Sending quantum messages over long distances will be challenging. The signal will have to be amplified every few hundred kilometres, but conventional optical amplification would destroy the quantum message.
In a quantum information system, if you measure the light, you will destroy the information encoded on it. You need to store the light itself.
“We have to catch and store the light, but we’re not allowed to look at it to see what information it contains. If the system is working, the light will be exactly the same when we let it out again. We do this by absorbing the light into a cloud of atoms,” says Dr Ben Buchler.
He and his team at the Australian National University are tackling this challenge by creating a system called Gradient Echo Memory, which can successfully store and retrieve quantum information.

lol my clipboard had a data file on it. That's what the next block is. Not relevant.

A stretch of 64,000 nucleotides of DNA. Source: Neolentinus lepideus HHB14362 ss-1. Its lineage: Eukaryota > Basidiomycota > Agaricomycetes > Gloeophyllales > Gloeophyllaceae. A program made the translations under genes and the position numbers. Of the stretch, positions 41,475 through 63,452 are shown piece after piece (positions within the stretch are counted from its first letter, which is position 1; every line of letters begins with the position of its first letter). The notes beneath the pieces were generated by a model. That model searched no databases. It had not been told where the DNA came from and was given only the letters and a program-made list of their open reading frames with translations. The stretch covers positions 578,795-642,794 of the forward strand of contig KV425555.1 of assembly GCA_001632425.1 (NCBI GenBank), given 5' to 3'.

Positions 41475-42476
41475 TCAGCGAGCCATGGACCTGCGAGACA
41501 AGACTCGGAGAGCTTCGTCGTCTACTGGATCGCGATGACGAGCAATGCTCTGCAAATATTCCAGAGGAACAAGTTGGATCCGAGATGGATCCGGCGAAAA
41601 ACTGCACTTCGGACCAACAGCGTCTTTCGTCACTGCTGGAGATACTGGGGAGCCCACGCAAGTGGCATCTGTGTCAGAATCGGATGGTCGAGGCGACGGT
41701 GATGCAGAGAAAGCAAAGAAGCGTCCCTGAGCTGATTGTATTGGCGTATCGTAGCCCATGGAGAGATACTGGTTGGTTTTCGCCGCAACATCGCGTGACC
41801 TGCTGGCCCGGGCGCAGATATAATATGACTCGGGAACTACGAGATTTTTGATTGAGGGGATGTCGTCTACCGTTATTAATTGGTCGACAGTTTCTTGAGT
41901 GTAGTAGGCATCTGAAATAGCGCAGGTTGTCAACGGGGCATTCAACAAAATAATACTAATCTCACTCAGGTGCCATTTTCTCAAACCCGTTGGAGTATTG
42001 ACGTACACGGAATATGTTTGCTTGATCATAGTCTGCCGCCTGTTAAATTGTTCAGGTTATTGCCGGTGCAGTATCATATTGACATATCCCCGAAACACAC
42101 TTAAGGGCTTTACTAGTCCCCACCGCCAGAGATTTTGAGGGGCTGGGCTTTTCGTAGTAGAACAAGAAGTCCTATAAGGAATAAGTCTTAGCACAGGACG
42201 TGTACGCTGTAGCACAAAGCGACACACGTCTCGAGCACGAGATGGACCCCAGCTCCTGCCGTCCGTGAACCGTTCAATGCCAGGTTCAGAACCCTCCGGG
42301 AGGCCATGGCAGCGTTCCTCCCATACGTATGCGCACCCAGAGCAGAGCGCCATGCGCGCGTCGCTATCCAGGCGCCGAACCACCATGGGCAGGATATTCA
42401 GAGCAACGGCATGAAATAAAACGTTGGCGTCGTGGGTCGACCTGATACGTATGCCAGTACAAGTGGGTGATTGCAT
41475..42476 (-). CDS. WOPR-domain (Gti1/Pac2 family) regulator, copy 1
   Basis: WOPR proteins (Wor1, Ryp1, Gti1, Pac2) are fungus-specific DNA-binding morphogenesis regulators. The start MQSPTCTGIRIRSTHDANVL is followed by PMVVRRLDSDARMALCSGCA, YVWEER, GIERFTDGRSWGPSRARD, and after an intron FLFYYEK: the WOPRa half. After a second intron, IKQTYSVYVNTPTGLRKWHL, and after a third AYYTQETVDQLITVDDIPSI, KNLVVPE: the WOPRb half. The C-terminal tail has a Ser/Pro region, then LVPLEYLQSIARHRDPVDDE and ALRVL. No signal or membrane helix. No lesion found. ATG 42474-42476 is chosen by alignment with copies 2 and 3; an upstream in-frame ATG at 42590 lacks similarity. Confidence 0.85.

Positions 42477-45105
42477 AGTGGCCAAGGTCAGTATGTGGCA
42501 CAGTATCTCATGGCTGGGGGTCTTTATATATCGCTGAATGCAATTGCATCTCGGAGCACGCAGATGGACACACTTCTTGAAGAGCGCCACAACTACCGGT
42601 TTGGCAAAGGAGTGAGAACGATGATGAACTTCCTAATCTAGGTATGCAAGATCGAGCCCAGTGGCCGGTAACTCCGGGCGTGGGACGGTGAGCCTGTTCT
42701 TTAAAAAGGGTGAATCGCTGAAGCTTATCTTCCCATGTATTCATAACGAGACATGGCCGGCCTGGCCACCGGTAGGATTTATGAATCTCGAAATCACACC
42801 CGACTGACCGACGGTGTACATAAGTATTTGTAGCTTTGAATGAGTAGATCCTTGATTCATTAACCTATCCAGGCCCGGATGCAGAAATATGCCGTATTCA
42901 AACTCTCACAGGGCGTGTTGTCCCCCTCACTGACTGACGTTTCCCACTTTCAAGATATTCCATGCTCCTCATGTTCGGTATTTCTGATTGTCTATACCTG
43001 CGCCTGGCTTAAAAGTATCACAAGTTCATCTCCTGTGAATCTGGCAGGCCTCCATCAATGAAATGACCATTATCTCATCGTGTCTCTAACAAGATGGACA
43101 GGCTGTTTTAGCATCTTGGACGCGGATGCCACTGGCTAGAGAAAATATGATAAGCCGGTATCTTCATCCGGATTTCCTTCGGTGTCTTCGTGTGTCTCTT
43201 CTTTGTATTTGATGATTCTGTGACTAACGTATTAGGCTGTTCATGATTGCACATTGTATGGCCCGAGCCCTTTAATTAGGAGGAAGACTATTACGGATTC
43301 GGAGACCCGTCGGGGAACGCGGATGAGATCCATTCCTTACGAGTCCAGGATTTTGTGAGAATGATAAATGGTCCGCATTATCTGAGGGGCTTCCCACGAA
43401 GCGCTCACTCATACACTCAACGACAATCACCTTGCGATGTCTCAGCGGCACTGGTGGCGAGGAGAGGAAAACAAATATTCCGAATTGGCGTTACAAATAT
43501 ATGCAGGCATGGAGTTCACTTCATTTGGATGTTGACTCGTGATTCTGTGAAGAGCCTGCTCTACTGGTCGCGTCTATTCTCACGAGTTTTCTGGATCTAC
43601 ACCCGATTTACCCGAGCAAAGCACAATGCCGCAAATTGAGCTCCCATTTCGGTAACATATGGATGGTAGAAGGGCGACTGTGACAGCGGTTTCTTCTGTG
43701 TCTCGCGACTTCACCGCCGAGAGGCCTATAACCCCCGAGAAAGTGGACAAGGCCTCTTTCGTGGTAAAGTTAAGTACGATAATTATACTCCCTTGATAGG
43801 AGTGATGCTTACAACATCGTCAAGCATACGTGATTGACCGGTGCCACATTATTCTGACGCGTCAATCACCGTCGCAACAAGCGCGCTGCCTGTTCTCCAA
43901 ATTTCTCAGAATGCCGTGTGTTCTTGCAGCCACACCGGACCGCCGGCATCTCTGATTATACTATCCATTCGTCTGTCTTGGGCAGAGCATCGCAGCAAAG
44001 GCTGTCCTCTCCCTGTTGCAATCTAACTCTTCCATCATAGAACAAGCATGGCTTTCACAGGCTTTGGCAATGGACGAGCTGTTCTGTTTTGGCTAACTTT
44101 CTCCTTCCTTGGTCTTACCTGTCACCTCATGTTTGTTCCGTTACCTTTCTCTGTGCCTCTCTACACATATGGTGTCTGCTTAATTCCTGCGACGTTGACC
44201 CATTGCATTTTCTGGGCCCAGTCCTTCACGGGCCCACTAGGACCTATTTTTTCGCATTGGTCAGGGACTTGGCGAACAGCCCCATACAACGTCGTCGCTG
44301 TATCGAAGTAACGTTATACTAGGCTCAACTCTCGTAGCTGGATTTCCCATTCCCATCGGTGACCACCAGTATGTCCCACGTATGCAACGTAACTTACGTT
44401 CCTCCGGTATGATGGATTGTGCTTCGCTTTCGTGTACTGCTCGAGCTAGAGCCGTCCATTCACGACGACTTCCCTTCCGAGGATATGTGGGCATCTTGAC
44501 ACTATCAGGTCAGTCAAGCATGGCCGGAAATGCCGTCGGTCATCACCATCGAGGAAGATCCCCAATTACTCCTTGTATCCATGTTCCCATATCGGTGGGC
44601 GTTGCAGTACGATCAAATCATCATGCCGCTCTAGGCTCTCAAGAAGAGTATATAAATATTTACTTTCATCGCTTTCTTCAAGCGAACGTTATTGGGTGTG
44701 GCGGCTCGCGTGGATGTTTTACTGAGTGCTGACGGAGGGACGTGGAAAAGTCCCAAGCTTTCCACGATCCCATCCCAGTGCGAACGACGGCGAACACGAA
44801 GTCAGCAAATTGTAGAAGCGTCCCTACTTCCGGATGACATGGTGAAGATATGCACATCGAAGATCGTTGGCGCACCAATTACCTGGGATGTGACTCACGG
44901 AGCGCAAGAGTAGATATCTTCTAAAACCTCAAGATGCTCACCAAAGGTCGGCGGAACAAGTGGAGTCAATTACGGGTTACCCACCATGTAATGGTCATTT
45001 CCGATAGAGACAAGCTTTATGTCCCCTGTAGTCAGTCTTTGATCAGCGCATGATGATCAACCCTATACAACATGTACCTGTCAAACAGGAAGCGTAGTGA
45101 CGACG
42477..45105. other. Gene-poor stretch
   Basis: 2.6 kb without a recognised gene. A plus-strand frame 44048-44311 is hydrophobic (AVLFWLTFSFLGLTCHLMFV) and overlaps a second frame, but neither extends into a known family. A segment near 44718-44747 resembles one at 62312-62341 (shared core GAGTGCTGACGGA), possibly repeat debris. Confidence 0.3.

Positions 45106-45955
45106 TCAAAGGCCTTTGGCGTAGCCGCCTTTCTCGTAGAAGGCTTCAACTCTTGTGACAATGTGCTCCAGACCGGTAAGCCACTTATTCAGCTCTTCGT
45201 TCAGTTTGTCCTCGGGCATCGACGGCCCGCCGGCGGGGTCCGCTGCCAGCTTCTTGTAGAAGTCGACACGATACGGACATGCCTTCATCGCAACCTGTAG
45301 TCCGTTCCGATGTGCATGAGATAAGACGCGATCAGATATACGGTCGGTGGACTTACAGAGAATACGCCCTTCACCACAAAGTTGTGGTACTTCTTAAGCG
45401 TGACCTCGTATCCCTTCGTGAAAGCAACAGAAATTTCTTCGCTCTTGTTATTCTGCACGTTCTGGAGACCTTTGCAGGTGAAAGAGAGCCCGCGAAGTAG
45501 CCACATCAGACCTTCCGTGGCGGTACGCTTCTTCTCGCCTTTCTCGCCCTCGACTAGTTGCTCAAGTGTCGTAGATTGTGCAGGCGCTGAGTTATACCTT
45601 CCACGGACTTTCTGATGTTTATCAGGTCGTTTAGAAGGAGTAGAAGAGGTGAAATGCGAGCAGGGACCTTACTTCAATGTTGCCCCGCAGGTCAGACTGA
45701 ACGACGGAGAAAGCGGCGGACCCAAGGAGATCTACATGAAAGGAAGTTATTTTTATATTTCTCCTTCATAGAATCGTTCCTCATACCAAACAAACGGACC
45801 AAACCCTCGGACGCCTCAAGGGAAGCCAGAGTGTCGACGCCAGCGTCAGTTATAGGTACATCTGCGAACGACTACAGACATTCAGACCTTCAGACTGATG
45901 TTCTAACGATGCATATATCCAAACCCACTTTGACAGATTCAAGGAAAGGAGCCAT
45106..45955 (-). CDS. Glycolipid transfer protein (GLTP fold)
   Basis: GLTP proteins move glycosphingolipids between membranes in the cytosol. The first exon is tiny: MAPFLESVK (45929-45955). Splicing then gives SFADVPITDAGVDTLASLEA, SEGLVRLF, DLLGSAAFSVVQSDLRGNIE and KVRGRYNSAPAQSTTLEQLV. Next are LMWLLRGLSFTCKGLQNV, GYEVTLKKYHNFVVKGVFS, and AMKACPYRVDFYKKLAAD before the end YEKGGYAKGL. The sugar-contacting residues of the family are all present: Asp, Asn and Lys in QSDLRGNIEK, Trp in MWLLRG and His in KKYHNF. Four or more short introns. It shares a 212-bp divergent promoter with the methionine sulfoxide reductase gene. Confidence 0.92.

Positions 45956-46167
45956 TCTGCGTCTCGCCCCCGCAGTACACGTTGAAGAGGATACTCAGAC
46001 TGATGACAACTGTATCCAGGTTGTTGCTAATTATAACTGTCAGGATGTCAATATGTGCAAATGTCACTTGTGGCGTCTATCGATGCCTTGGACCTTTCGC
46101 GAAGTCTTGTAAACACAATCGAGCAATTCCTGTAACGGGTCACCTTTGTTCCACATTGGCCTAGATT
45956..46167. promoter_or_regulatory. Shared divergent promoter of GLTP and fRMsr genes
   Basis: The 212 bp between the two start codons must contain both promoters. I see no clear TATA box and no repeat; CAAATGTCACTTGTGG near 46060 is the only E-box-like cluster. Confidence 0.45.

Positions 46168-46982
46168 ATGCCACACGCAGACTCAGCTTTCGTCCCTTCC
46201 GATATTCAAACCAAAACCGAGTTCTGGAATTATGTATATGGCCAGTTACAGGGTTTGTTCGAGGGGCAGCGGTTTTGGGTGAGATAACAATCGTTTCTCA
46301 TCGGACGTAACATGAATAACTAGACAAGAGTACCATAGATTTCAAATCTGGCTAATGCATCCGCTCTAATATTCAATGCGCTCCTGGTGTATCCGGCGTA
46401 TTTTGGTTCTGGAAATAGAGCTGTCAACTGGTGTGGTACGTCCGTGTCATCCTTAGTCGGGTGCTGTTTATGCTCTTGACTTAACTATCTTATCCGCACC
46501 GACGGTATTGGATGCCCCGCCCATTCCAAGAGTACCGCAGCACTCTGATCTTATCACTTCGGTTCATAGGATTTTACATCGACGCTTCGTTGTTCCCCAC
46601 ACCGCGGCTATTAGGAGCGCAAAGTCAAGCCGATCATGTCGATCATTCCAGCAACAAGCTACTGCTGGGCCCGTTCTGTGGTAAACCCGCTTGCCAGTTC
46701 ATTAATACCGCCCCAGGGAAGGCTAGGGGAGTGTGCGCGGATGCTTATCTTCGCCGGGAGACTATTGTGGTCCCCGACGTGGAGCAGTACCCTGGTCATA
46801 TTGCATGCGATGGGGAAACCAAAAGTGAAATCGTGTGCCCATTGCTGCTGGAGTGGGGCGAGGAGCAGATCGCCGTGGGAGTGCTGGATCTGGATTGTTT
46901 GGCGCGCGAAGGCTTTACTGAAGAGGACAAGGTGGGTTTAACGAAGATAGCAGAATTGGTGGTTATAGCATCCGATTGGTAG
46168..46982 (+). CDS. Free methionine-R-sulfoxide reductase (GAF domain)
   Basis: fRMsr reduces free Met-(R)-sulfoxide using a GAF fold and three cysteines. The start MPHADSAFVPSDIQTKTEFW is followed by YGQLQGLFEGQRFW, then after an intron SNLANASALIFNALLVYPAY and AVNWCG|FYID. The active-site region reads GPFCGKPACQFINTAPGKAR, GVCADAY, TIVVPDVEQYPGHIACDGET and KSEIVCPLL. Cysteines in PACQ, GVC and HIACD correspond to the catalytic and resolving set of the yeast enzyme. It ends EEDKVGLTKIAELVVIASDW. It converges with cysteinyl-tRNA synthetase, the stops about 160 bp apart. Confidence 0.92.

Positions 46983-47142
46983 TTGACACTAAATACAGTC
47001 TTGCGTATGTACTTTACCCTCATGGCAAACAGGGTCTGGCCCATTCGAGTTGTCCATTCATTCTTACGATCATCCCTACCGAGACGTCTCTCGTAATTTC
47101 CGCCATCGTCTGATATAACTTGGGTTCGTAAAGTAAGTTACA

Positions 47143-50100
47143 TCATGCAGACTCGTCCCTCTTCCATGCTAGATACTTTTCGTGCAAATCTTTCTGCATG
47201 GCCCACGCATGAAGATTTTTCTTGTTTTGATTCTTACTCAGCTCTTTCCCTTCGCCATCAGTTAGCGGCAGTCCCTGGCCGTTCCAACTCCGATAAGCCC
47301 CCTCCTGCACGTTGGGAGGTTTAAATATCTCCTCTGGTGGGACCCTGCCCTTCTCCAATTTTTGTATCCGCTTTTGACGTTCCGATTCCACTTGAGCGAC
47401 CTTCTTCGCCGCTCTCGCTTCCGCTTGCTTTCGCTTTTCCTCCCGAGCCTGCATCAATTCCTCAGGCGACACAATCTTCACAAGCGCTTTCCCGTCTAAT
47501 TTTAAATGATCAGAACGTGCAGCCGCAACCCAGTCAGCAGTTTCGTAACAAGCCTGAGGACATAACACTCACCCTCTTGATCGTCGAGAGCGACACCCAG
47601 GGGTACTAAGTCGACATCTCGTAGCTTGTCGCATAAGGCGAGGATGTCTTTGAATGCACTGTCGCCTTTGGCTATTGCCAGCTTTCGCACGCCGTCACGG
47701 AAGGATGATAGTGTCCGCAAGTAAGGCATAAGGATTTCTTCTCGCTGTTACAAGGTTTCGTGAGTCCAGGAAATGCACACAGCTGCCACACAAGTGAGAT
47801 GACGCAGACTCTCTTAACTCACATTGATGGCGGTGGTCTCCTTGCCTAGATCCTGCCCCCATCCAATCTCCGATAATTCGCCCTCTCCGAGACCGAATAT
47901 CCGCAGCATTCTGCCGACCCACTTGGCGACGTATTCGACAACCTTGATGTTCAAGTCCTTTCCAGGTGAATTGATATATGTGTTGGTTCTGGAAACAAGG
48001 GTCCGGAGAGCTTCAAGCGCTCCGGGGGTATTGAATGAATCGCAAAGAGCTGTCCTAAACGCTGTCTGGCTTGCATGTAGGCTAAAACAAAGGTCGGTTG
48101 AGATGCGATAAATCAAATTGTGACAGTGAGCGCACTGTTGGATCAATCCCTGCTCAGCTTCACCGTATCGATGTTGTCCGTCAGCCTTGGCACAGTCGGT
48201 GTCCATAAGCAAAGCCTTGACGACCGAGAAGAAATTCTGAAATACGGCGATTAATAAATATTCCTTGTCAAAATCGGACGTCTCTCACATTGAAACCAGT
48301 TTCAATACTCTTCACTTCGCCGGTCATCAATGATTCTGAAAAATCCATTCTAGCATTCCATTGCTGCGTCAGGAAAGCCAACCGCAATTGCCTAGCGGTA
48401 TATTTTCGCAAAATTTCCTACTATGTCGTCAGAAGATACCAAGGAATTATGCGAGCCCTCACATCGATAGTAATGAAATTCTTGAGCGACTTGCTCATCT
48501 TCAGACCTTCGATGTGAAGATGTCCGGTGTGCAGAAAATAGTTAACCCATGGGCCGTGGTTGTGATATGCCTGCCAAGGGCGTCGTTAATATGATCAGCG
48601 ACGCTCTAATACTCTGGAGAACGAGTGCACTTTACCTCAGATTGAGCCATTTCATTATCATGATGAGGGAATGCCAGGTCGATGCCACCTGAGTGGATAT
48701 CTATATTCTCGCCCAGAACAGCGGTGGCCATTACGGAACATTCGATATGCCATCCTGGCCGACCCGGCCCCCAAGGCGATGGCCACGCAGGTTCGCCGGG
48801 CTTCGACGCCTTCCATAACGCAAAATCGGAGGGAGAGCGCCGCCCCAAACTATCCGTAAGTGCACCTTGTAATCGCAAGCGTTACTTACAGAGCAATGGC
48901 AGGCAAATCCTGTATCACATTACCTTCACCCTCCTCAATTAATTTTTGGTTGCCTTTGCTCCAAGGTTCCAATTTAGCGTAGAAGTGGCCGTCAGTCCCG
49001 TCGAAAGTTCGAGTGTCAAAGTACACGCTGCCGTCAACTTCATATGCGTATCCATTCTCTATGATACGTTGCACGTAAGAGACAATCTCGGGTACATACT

To do this, Ben’s team tuned the light to the same frequency as rubidium atoms. When the light interacted with the atoms, it created a long-lasting electron pattern in the atoms, which absorbed the light and its information. To retrieve the information, a laser converted it back into a travelling pulse of light.
“At the moment, our system is the most efficient of all the research efforts to store and retrieve quantum information, with 87 per cent of the light being recalled,” Ben says.
Banner image: Ben (front) and his colleague put the quantum memory experiment through its paces.